United by Khichdi
Last November, at the Indian food expo, World Food India, in Delhi, Chef Sanjeev Kapoor broke a world record by preparing 918 kilos of khichdi in one go. Union Minister of Food Processing, Shrimati Harsimrat Kaur Badal, whose idea the expo was, said, “Khichdi is considered nutritious, healthiest food in India and it is eaten by poor and rich alike, irrespective of their class. It symbolises India's great culture of unity in diversity.”
We may not agree that it's India's national dish, we may not even agree that it's a worthy brand ambassador for Indian cuisine, but the minister is not inaccurate when she says that it’s a massively inclusive dish, and that versions of this simple rice and lentil dish finds variations on its theme, across states, communities and classes in India. It contains comforting carbs and fibre, a small dose of protein, and it fills us up, but keeps us light. It's a grandmotherly dish, making us feel better when we are cold, sick, fragile, sad or craving familiar uncomplicated stuff.
Geography, climate and history have helped in making khichdi easy for Indians for millennia. A couple of years ago, I discovered that there is evidence of rice cultivation and domestication as early as 5,440 BC in the Ganges Valley, and 6,500 BC in Uttar Pradesh. Carbonised moong dal (the most commonly used lentil in khichdi) has been found in archaeological sites in Punjab and Karnataka dating back about 4,000 years. Several articles connect the origin of the word to the Sanskrit term khicca, meaning a mixed dish of rice and lentils. At its simplest, these cooked in salt and water, make a khichdi.
But, as the minister noted, and food historian KT Achaya detailed in his book A Historical Dictionary of Indian Food, khichdi has been loved by commoners and emperors alike. Achaya's reports say that it was made in Mughal emperor Akbar's kitchen with equal parts of ghee, rice and dal, on the three days a week that the king was vegetarian. His meat-loving son Jehangir preferred an even richer version called lazeezan with as much ghee and plenty of spices and nuts – including lamb meat in the recipe on non-abstaining days. But centuries before the Mughals made it the food of their courts, travellers and chroniclers Ibn Battuta and Abdur Razzak noted that khichdi was eaten in its simplest form as the evening meal of agricultural labourers in India. Achaya pointed out that khichdi was a commonly reported dish by visitors, almost always made with mung bean, the most digestible (and least flatulent) of beans.
Khichdi has since been eaten across the country, and has found several regional iterations. As expected, every family has its own khichdi recipe, as it should. Here's a highly edited selection of some of India's loveliest khichdis.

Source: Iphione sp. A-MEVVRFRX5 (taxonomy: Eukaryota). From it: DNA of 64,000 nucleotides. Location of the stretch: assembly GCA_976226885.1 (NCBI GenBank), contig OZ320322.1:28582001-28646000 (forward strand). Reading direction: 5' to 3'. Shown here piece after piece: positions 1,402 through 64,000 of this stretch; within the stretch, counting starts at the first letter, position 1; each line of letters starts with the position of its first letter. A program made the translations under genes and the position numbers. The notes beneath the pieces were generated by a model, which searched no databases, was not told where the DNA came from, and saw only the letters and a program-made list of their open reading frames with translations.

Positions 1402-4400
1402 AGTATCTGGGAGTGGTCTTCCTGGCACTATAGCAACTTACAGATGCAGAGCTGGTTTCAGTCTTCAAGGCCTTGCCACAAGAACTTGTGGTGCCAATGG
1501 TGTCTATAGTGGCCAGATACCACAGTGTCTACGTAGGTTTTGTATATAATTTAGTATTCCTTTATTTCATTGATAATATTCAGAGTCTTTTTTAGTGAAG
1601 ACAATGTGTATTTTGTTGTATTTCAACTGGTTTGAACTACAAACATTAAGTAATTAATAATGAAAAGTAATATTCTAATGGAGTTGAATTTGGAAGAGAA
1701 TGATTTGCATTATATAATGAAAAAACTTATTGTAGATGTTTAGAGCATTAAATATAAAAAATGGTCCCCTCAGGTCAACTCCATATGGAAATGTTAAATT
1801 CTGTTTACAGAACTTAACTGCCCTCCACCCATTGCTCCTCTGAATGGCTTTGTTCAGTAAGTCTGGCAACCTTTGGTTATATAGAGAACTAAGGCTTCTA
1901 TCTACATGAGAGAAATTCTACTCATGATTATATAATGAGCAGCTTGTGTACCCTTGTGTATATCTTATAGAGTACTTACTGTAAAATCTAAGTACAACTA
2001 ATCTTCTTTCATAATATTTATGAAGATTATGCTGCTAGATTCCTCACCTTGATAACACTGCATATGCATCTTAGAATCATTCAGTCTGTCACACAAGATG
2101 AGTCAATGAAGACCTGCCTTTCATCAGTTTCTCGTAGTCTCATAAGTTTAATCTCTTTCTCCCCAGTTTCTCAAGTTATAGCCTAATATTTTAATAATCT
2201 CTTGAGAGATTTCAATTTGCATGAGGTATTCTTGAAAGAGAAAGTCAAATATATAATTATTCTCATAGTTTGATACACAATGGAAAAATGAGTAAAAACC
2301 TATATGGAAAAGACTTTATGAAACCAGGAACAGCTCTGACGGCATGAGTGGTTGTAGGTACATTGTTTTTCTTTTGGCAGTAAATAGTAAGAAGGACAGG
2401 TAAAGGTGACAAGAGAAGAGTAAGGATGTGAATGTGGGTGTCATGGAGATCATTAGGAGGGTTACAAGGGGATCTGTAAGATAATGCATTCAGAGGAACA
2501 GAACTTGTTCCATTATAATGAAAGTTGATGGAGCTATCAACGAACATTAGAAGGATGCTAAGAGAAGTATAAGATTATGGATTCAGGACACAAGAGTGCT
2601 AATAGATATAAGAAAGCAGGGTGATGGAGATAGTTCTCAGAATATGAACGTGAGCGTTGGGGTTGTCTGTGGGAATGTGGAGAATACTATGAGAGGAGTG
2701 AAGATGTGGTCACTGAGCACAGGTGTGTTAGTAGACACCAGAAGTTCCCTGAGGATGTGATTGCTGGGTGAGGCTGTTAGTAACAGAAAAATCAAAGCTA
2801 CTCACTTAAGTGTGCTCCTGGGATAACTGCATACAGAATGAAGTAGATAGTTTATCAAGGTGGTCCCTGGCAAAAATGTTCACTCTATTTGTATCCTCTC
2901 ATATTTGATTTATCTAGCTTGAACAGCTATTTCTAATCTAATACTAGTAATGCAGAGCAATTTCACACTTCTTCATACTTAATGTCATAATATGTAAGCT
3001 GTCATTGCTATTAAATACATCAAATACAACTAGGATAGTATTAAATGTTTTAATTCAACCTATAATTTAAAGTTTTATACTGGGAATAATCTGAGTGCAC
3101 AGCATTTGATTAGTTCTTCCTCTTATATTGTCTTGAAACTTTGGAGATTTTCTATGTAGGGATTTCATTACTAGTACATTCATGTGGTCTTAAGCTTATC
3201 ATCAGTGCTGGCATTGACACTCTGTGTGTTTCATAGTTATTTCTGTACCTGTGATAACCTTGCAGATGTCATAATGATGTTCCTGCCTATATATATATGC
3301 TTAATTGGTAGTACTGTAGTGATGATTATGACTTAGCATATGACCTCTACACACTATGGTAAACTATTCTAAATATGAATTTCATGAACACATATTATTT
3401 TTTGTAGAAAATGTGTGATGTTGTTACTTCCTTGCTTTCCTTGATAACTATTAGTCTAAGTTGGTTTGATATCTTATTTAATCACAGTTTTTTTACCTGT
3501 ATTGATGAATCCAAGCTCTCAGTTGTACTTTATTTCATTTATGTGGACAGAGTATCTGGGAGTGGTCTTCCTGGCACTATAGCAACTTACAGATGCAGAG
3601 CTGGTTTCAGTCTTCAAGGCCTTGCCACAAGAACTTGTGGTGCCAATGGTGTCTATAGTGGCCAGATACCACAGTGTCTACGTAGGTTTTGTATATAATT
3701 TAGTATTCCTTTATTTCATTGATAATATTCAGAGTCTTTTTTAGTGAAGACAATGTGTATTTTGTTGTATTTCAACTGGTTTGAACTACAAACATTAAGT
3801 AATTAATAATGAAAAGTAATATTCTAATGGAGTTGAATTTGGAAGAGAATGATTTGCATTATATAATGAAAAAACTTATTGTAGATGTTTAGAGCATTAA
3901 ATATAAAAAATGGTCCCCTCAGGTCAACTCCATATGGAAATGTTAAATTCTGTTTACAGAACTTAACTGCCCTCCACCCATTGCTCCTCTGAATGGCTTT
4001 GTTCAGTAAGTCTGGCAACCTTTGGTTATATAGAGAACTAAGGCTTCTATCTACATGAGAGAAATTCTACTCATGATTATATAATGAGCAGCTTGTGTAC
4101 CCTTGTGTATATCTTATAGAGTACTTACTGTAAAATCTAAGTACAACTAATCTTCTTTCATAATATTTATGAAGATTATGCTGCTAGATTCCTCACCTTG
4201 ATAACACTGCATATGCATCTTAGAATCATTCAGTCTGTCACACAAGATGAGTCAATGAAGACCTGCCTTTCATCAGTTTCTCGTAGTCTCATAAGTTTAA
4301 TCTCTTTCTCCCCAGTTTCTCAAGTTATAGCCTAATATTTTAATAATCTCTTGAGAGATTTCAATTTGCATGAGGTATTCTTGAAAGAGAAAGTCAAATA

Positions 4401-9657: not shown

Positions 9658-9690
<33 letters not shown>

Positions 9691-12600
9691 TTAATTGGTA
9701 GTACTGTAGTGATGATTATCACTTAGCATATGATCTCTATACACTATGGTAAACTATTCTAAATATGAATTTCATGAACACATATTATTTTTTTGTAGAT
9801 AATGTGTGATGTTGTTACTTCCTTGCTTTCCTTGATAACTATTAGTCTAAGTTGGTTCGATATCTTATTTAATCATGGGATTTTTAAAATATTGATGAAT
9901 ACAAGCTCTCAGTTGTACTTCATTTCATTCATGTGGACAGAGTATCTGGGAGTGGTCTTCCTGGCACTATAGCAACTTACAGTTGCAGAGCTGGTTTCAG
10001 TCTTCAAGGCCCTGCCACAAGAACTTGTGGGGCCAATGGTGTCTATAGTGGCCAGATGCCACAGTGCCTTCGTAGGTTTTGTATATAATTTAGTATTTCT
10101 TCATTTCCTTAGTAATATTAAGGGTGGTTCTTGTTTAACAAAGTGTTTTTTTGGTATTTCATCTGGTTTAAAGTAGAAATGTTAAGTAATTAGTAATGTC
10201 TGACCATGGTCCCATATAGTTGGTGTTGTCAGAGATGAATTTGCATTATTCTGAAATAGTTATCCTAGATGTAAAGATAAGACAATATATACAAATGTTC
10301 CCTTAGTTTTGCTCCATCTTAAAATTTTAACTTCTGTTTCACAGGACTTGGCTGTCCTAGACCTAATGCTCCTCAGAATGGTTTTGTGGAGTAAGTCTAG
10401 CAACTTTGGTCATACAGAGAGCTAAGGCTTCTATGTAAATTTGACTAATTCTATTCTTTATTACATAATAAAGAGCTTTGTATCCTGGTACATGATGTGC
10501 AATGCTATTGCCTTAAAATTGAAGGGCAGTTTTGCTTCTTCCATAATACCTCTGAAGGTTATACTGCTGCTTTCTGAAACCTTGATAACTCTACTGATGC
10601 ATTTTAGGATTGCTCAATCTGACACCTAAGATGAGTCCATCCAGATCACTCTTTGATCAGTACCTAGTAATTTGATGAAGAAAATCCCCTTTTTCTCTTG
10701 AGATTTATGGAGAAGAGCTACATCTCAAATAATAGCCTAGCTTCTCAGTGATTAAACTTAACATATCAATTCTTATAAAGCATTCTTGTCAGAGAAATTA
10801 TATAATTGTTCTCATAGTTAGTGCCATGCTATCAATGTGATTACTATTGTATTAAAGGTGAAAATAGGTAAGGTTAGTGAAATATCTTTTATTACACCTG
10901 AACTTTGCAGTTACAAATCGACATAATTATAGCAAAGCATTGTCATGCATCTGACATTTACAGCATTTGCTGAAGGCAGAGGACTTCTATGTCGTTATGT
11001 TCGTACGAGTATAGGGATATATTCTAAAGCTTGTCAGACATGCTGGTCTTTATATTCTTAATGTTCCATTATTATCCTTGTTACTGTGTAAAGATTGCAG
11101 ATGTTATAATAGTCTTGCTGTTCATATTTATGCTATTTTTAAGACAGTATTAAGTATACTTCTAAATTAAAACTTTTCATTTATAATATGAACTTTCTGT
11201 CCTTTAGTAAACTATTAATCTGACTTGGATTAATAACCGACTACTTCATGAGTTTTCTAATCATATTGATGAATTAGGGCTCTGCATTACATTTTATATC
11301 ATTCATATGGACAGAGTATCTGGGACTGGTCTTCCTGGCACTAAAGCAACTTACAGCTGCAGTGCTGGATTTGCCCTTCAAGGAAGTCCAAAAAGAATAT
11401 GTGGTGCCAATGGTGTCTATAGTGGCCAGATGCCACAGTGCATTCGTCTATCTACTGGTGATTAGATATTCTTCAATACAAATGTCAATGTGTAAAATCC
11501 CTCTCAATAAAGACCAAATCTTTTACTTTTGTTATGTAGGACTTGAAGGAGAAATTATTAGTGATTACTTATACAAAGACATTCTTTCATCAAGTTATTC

Gujarat's khichdi-kadhi: An uncomplicated khichdi with tempered whole spices is paired with classic Gujarati sweet and tangy dahi kadhi.
Himachal's balaee: For this creamy rendition of khichdi, a masala powder of fenugreek, cumin, and coriander is sauteed into caramelised onions, then soaked rice and black channa are added over this base and cooked gently in buttermilk. It's topped with ghee before serving.
Karnataka's bisi bile baath / bisi bile huli anna: Literally translated to hot lentil-rice, bisi bile is a one-pot meal of lentils, rice, vegetables all heartily spiced with a mix that reminds you of the flavours of the state – tamarind, chillies, asafoetida, turmeric, chillies, cashews, cumin, coriander, curry leaves and more.
Andhra Pradesh's pulagam: What elevates this fairly basic steamed preparation of seasoned rice and split chilkewali moong is that it' served with a typically Andhra chutney of peanuts or coconut.
Tamil Nadu's ven pongal: Yellow moong is roasted and then pressure cooked with rice until it's mushy after which it's tempered with ginger, pepper, jeer, hing, curry leaves and fried cashews – in ghee, of course. It's served with a vegetable-loaded pongal sambar.
Rajasthan's shahi khichdi: Somewhat between a biryani and a khichdi, with mixed lentils, a medley of vegetables, garam masala, enriched with cashews and raisins and softened with saffron in hot milk.
West Bengal's bhuni khichuri: This is a more robust and robustly spiced version of regular plain khichuri. First moong dal is dry roasted, as are warm spices and chillies before being ground to a powder. Cubed veggies and whole spices are fried, followed by onions and a ginger garlic paste and tomatoes, before gobindobhog rice and dal go into the pan. It's typically served with fried eggs, meat or fish.
Make these traditional khichdi recipes in your own kitchen with a little help from the chefs at India Food Network: